Sponsored by the U.S. Department of Energy Human Genome Program
Human Genome News Archive Edition
Human Genome News, September 1990; 2(3)
At its June 18 meeting, the NIH PACHG passed a resolution to express appreciation to CEPH for contributions to the genome project effort and the hope that CEPH will continue to play a role in this important initiative. Following is the text of the resolution:
In the context of the genetic mapping effort, the Advisory Committee particularly recognizes the continuing participation of the CEPH in Paris. Their collection of mapping family resources and provision of DNA and data services to facilitate consensus map construction constitute the premier example of productive, long-term, and truly international collaboration. The committee notes with appreciation CEPH's interest in continuing their contributions using mainly internal and French government funds as well as their cooperation in making cell lines and genotypes available in a timely way. The committee appreciates CEPH's interest in furthering collaboration by expanding family resources and data services. It makes much easier and faster the large task of making a better, more generally useful genetic map.
CEPH, which intends to coordinate internationally the production of primary consortium maps for each human chromosome, recently announced the availability of the first issue of the CEPH public database, containing 799 genetic markers. The database contains genotypes for all genetic markers, mostly DNA polymorphisms, that have been tested and contributed to CEPH as of January 1, 1990, including those used in construction of the CEPH consortium map of chromosome 10 [Genomics 6: 393-412, 575-577 (1990)]. To receive the database, available on a 5.25-in. disk, and a book of LOD scores and recombination-frequency estimates for syntenic markers in the database, write to CEPH; 27 rue Juliette Dodu; 75010 Paris, France.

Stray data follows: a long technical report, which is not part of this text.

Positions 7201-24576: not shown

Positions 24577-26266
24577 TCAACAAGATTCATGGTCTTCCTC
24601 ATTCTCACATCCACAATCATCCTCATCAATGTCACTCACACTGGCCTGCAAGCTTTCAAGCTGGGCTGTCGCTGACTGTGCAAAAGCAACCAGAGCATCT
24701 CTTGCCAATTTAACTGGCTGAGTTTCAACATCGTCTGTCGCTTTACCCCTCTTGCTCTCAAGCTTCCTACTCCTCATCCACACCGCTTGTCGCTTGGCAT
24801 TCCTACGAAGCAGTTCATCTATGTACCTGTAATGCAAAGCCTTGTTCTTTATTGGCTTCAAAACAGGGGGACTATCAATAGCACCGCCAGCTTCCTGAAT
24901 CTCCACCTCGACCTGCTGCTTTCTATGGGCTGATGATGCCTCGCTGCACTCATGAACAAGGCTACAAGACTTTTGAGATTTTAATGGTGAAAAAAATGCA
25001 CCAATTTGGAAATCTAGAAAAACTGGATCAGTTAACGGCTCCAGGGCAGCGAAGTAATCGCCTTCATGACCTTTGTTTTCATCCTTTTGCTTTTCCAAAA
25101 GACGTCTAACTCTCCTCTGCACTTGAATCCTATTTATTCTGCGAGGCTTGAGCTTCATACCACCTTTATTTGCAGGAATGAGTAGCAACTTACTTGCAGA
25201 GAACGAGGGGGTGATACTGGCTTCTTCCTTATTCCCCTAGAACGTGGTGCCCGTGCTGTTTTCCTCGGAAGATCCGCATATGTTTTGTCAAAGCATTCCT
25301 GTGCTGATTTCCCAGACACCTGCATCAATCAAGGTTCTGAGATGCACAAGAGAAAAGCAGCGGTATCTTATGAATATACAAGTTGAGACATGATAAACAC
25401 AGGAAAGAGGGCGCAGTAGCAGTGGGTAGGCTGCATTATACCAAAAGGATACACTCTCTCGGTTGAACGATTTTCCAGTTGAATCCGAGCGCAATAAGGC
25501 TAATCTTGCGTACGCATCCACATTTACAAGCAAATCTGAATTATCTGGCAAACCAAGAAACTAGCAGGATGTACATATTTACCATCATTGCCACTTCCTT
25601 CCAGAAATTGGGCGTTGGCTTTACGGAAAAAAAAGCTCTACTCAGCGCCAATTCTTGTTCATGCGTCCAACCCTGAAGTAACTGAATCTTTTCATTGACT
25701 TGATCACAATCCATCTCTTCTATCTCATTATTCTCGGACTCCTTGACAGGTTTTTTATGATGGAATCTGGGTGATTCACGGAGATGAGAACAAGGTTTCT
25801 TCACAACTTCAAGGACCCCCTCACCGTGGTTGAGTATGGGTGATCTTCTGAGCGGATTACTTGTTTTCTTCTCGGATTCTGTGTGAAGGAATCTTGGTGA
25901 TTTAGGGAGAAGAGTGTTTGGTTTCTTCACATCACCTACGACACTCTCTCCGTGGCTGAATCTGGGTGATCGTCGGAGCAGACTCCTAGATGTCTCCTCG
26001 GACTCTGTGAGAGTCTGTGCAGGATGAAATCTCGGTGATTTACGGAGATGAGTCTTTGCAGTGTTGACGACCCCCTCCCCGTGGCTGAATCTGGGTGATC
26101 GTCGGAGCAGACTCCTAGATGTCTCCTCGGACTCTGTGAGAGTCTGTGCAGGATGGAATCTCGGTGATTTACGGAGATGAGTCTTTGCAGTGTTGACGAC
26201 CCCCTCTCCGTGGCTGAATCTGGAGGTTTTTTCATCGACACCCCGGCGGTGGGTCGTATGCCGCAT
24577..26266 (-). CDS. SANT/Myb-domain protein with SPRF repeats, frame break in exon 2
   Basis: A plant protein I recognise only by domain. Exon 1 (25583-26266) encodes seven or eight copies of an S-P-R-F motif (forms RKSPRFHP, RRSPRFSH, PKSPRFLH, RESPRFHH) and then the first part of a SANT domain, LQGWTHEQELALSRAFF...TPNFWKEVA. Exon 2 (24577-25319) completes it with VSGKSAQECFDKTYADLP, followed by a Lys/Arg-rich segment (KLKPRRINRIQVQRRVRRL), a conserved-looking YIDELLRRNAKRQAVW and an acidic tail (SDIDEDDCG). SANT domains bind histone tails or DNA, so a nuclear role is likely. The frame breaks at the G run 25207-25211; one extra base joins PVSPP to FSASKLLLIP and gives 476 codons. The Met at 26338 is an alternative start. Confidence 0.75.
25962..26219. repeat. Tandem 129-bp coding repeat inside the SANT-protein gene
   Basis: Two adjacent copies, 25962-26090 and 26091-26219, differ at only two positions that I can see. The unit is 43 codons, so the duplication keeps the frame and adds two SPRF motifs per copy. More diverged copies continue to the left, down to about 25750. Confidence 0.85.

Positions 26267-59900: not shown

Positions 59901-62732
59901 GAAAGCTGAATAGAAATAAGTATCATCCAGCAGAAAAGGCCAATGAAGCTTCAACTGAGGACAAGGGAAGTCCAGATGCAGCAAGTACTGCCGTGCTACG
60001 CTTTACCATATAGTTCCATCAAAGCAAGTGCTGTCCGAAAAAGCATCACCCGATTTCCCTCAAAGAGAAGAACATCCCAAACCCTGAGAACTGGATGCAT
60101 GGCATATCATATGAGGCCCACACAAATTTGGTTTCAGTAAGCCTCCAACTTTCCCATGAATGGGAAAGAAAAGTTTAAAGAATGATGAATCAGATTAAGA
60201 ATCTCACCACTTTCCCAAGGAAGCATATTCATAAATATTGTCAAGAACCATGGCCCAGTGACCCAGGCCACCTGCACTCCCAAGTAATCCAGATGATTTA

The electronic form of the newsletter may be cited in the
Human Genome Program, U.S. Department of Energy, Human Genome News (v2n3).
The Human Genome Project (HGP) was an international 13-year effort, 1990 to 2003. Primary goals were to discover the complete set of human genes and make them accessible for further biological study, and determine the complete sequence of DNA bases in the human genome. See Timeline for more HGP history.
Published from 1989 until 2002, this newsletter facilitated HGP communication, helped prevent duplication of research effort, and informed persons interested in genome research.